the film

The Guide's Forecast: Aug. 4-10

by Bill Monroe
The Oregonian, August 4, 2011

Through Wednesday

Willamette Valley/Metro:
Steelheaders working the river below Bonneville continue to produce great catches of summer steelhead with more hatchery keepers in the mix this week. Boaters continue to do the best but bank anglers held their own in what is usually past the peak season. With passage behind schedule, action should remain good through the month of August if water temperatures don't warm much more. Anglers are allowed to retain chinook whether they are fin-clipped or not. The limit is one chinook per day. Regulations vary by section so check carefully.

Sturgeon fishing from Buoy 10 to Bonneville Dam is now closed to retention but remains open for catch and release. The popular fall fishery from Wauna Powerlines to Bonneville Dam will reopen in early October with fair fishing expected when water temperatures cool again.

Chinook passage was good as steelhead numbers continued to wane on the last week of July at Willamette Falls. Water temperatures in the lower river have topped 70 degrees.

Summer steelhead fishing has been fair to good on the McKenzie River. Trout fishing has also been producing good catches. The McKenzie rose from 3.65 feet to over 5 feet and from 970 cfs to about 2,800 cfs below Leaburg Dam in a matter of a few hours on Monday night. Power canal work was being performed.

North Santiam levels have dropped. Steelhead are available while chinook are showing some color.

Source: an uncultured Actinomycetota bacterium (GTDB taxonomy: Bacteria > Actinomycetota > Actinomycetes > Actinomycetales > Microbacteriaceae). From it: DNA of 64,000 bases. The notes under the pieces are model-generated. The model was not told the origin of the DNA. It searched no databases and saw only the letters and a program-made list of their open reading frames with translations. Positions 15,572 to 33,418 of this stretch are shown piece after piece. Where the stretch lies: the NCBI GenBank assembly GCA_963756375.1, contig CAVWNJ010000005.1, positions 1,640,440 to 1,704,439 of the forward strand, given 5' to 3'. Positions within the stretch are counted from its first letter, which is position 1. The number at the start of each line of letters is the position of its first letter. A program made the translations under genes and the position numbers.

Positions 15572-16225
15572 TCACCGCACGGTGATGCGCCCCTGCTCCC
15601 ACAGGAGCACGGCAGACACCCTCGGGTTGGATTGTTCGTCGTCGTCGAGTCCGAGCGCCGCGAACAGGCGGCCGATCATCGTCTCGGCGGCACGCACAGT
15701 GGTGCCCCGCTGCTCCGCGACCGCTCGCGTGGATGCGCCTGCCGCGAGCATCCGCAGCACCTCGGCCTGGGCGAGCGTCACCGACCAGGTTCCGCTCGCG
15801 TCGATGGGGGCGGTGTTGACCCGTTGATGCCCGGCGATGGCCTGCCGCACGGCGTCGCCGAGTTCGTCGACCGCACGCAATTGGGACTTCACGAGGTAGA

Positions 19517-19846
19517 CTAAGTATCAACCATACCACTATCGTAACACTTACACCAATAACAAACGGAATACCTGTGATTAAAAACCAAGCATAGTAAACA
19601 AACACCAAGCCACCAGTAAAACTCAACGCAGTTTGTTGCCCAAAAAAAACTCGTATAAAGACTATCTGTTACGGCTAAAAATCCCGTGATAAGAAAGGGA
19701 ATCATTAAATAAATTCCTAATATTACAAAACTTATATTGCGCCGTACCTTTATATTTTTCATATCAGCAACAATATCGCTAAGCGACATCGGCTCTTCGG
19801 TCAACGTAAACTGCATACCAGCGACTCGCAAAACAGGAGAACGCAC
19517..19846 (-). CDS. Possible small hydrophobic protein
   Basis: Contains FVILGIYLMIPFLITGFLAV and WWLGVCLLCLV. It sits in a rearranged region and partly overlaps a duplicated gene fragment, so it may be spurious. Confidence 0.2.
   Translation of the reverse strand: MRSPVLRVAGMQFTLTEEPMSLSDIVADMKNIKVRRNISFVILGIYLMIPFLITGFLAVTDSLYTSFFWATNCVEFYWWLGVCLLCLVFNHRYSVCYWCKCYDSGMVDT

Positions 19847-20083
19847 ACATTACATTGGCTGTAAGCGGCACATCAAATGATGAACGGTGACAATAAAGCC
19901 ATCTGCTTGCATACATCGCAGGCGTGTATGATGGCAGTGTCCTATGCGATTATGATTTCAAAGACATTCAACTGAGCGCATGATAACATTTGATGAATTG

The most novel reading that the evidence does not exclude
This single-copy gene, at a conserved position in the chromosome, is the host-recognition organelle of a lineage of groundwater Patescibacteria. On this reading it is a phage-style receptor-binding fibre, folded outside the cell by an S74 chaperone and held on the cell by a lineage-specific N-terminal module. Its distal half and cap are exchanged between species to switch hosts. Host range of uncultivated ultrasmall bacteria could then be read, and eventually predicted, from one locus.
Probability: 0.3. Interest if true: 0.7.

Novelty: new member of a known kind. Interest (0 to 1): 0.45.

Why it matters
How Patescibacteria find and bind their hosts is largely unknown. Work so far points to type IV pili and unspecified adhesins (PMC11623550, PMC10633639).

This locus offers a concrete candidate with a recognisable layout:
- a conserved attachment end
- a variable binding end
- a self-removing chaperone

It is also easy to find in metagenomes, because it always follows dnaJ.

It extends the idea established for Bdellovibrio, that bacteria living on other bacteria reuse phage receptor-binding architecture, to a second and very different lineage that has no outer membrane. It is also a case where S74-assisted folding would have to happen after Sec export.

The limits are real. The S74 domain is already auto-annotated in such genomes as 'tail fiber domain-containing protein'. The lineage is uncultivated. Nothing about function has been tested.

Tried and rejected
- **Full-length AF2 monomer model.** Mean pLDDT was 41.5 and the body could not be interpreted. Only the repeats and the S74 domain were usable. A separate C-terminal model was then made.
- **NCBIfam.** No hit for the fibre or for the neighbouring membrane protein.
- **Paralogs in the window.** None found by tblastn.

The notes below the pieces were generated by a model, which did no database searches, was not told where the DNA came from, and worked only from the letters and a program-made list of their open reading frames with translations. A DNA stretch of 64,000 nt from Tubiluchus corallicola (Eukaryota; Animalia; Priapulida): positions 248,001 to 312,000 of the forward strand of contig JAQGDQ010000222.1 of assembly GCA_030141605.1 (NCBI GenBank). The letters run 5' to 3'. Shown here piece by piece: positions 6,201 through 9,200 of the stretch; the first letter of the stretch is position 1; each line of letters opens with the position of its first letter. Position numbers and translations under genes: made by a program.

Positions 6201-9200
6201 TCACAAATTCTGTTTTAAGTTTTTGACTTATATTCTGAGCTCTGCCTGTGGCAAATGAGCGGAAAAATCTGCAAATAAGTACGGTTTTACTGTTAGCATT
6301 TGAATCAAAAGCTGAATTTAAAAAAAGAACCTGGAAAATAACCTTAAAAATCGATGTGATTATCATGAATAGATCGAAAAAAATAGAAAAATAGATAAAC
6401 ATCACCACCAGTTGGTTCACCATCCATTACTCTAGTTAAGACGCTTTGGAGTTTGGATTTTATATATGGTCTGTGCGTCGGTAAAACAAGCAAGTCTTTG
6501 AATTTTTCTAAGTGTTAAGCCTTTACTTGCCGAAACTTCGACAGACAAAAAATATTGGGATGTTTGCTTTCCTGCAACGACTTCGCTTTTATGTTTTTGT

Previous weeks on the Clackamas were producing fair results for lower river anglers but warmer temperatures and rafting traffic has slowed the bite. Action will remain best in the early morning hours with fish distributed well into McIver Park.

Chinook have been hooked over the past week above Cedar Creek on the Sandy River but steelhead will remain the focus for most through this month. An average run of coho is expected later in the fall.

The Buoy 10 opener was less than impressive but the best tide was later in the day when most anglers had folded up their effort. Success rates will likely remain subdued this week. Gillnets are scheduled to fish for nine hours beginning at 9 tonight. It is the only scheduled opener for the river downstream of the Kalama this summer.

Catch and keep sturgeon fishing is now closed but anglers experienced one of the best years in recent memory. Quality sized keepers fell in good numbers for the whole month of July.

Offshore anglers are just now getting back to work after a long week of onshore flow, keeping the ocean lumpy. Coho success remains low with not even a third of the quota taken. The fishery will last through Aug. 13, even though anglers will fall far short of the 15,000 allowable catch. The first non-selective ocean coho season in nearly two decades will occur in early September.

Rough weather and shifting temperatures disappointed albacore anglers for much of the week. Improving conditions should excite tuna chasers once again but anglers will still have to expect a long run west to run into qualifying temperatures. Live bait becomes more popular this time of the year but fish should still respond to trolled clones and cedar plugs. Some larger fish should begin to show in the catches.